By Carrie Hagen
I wasn’t sure how I would do it. After taking a two-year leave from teaching high school English, I would be returning to the classroom.
I had ushered students through the starts of twelve school years, but this year’s opening felt new to me. I walked through the inservice days with the usual to-do list: organize classroom, dust off posters and props, make seating charts, print class lists, assemble papers to photocopy, grab books from the bookroom, consider opening day activities. I had madly juggled these tasks in past years, but this time around, I hesitated. Read more
By Wendy Hopf
One hundred energetic sixth graders greet me each day, and I need to be ready. As an English Language Arts teacher the actions I take in September and October are critical for setting the tone for a successful school year. In a nutshell, my practices reflect my beliefs:
”We are a community of learners who respect each other’s space, time, and learning and accept each other’s ideas. We trust that Ms. Hopf will guide us, but we are expected to work hard throughout the class period. We support each other, have fun while learning, and gain the rewards of learning for its own sake.”
To create the habits and attitudes I am striving for there are four practices I follow. Read more
By Jen Ward
New tenth graders file into my room, unsure of where to sit, trying to find a friendly face in our World Literatures English class. Summer is over. School is back in session. And on our first day of class, I stand outside the classroom door, greeting students and handing them a syllabus as they walk into the room. This is what they expect. They expect to sit down, whisper quietly about the new kid in class and what they did over their summer break while their teacher stands at the front and lectures over classroom rules, grading policies, and class projects. So when the bell rings for class to start, and I tell them to put their syllabus away, they look genuinely confused.
As their teacher, I want to see my high school students connecting, collaborating, writing, and revising. And that needs to start on day one. Read more
By Chris Kehan
For the past four years, setting up my classroom has been different than it was for the previous nineteen years. Having taught in the regular education classroom for those nineteen years, I made the leap into library media specialist. While I still see myself as a classroom teacher, my classroom just grew in size and so did my number of students. Creating a space where students, teachers, and parents feel welcome and safe to take risks is extremely important for librarians. Most libraries are situated in the center of the school; hence it’s the hub of activity. “Entrance through our doors admits one to infinite worlds, magical kingdoms, and the treasure trove of knowledge created by our world’s best thinkers, artists, and scientists.” (Grimes, 2006) Read more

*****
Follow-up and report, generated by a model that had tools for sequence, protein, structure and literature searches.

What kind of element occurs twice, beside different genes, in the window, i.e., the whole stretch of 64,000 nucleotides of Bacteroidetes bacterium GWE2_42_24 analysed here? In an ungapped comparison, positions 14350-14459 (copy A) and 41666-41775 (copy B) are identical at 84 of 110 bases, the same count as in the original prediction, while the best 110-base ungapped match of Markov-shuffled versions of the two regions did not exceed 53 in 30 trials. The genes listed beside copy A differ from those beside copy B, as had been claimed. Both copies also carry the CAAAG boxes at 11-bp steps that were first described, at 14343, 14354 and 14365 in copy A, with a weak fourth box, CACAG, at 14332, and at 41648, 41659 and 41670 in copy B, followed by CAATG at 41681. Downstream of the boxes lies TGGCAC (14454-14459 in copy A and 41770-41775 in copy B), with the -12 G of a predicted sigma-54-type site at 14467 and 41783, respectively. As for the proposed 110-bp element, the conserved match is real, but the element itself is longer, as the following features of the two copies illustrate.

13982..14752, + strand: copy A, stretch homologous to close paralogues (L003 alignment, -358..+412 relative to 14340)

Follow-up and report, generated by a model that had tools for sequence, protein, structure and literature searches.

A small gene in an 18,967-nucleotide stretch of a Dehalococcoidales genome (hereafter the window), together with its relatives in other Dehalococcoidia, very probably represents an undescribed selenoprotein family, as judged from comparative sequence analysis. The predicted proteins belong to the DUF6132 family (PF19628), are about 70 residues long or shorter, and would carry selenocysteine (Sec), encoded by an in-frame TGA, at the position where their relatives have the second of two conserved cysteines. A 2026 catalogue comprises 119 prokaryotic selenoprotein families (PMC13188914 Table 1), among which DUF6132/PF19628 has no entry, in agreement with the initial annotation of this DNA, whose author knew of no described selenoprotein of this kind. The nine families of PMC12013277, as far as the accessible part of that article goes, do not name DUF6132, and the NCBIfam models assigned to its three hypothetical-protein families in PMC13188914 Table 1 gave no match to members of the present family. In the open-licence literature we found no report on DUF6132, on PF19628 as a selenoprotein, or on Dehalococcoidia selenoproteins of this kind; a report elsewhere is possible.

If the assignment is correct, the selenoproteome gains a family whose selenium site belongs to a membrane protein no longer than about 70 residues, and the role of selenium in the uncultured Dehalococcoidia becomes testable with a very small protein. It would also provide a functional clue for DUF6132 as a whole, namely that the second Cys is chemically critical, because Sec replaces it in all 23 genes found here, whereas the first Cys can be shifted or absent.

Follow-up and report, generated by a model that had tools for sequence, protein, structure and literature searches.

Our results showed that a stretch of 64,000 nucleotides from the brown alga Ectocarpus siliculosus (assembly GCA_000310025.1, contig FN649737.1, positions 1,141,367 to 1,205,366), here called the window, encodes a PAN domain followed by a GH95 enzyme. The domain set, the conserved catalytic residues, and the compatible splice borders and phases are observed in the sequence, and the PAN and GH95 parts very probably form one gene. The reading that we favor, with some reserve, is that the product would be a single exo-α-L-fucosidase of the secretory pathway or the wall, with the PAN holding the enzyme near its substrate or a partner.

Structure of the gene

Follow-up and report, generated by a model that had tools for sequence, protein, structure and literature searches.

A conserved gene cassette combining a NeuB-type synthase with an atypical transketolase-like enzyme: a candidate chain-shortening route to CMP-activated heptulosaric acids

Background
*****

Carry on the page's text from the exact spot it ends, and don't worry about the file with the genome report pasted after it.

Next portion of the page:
By Lynne Dorfman
The organization of your classroom sets the stage for learning. It should reflect your personal beliefs and values as an educator.Debbie Miller says, “Classroom environments are organic – they grow as we do. The best of them reflect the hearts and souls of those who inhabit them. They’re never really finished. They’re never really ‘done’.” Debbie devotes the first section of her book, Teaching with Intention: Defining Beliefs Aligning Practice, Taking Action, to setting up the physical classroom environment and creating an energizing culture through the kind of interactions we value and nurture with our students. She suggests inviting a trusted colleague or two into your classroom in early September and asking him or her to tell you what the classroom environment reveals about your own personal beliefs as an educator. Read more
By Janice Ewing
Along with the thinking and care that we give to setting up the physical environment of our classrooms, most teachers are concerned with establishing a safe and productive climate for learning as well. As a new school year begins, it seems like a natural time to reflect upon the emotional spaces that we’re striving to create and sustain. With that in mind, I turned to a few mentors for inspiration.
Donald Graves, in The Energy to Teach, says: “You, the teacher, are the most important condition in the room.” Read more